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6 common yield-limiting factors in corn

Tom J Bechman flooded corn field
MULTIPLE ISSUES: Wet soils set up corn for slow growth, soil compaction and nitrogen deficiency. Don’t wait for a super-wet season to realize the need for tile.
Corn Illustrated: Identifying what’s limiting yield on your farm is first step to bumping up yields.

Maybe you’re not shooting for yields big enough to make the National Corn Growers Association report each year. Yields over 600 bushels per acre have been recorded in the contest. Maybe you would be happy with bumping your farm average 10 bushels per acre.

If you’re in the latter category, Bob Nielsen, Purdue University corn specialist, can help. One place to start is by recognizing common yield-limiting factors. See how many of these factors might be holding back yields on your farm. Then you can take steps to resolve these issues

1. Inadequate soil drainage. This is still one of the most common factors limiting corn yields, Nielsen says. It’s true even though many farmers have aggressively installed pattern tile over the past two decades.

“The trouble is all the problems poor drainage can cause,” Nielsen says. “When you have ponding or saturated soils, you may have stand loss early in the season, and you will likely see nitrogen loss. You are at risk for more soil compaction, and if you till fields, cloddy conditions at planting can impact stands. Delayed field operations in fields without tile can mean a later start and delay applications of herbicides and fungicides.”

2. Hybrid performance. Even with modern genetics, there are large differences in yield potential and stress tolerance amongst hybrids, Nielsen says. Do you have the right hybrids for your farm?

“You need to look at how hybrids handle stress and not just at yield potential,” he advises. “You can leave 20 to 30 bushels per acre on the table in differences in stress tolerance alone.”

3. Excessive soil compaction. Soil compaction from tillage operations under wet conditions or from heavy traffic areas can hold yields back more than you think, he notes. “Soil compaction makes poor drainage even poorer,” Nielsen says. Soils reach field capacity sooner and running heavy equipment on these soils leads to future limited root growth and loss of yield potential.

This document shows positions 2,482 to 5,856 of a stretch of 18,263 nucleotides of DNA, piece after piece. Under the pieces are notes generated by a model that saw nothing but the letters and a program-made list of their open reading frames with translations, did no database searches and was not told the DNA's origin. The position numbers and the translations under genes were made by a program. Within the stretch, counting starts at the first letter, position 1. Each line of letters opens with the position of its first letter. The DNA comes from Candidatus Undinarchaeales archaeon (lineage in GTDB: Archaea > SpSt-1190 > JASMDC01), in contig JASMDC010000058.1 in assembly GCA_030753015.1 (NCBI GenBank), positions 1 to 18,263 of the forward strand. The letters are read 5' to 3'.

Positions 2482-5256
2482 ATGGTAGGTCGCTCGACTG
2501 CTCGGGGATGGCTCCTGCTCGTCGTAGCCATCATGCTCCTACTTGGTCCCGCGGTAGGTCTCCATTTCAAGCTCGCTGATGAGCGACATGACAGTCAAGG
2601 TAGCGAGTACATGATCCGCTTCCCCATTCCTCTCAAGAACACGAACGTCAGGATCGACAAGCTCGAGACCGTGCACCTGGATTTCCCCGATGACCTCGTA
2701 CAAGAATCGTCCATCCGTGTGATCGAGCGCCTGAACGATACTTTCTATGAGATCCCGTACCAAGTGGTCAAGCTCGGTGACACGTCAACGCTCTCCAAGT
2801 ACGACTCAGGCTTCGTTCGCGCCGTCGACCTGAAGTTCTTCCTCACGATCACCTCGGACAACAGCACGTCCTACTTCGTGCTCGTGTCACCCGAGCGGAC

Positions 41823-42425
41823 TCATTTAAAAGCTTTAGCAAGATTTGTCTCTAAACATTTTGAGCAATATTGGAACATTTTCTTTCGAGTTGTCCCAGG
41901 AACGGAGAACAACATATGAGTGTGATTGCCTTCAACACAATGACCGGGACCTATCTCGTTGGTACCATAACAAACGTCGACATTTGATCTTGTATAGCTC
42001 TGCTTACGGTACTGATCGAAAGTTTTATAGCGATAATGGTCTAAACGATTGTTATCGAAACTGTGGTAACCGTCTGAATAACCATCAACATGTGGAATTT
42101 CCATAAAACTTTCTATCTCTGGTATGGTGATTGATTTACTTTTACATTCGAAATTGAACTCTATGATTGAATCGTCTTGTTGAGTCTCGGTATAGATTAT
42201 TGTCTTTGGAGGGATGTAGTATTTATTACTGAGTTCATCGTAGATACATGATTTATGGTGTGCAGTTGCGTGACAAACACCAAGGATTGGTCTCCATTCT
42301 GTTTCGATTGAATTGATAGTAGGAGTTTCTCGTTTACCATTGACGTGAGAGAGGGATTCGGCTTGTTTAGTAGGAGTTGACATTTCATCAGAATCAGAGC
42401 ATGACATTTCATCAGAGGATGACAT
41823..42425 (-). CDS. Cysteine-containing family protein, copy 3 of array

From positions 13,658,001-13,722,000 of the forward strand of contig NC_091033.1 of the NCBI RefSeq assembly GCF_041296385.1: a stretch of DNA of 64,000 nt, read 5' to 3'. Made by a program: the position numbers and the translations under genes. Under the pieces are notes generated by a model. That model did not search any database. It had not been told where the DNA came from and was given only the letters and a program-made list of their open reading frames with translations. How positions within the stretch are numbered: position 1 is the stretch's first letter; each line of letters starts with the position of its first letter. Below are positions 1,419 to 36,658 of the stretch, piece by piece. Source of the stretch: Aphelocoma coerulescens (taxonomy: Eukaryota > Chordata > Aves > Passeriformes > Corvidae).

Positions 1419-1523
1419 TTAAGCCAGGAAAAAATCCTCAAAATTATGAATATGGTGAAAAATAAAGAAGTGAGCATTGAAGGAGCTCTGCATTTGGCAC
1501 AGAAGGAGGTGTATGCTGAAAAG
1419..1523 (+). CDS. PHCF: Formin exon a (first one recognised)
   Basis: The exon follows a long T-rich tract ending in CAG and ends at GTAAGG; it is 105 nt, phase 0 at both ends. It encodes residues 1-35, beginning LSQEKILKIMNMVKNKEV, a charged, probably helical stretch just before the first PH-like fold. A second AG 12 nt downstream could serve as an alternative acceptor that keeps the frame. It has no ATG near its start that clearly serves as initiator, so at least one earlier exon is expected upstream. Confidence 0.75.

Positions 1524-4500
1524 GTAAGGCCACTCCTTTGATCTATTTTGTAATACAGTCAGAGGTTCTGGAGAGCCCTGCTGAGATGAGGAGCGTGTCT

4. Weed competition. Weeds can steal yield, especially if they get a jump early in the season, Nielsen says. More weeds are showing resistance to herbicides, and it is a problem that won’t go away, he says. Seek out expert help not only on how to control weeds this season, but how to prevent further development of weed resistance long-term. Preserve the tools you have.

5. Foliar diseases. Tar spot joins gray leaf spot and northern corn leaf blight as major foliar diseases in the Corn Belt, with southern rust working its way into the picture when environmental conditions are right. Selecting hybrids with genetic resistance is important, but scouting for development of foliar diseases is key, he says. Be ready to spray fungicides when conditions warrant. “You need to keep corn plants as healthy as possible as late into the season as you can,” Nielsen says. His data indicates a sizable percentage of yield comes from kernel size and weight determined in the last part of the season.

6. Nutrient deficiencies. Know your soil nutrient and pH levels through a regular soil testing program, Nielsen advises. If you have low pH soils, are you correcting it by applying lime? “Improve your agronomic knowledge and be able to better identify yield-limiting factors, including signs of nutrient deficiencies,” he concludes.

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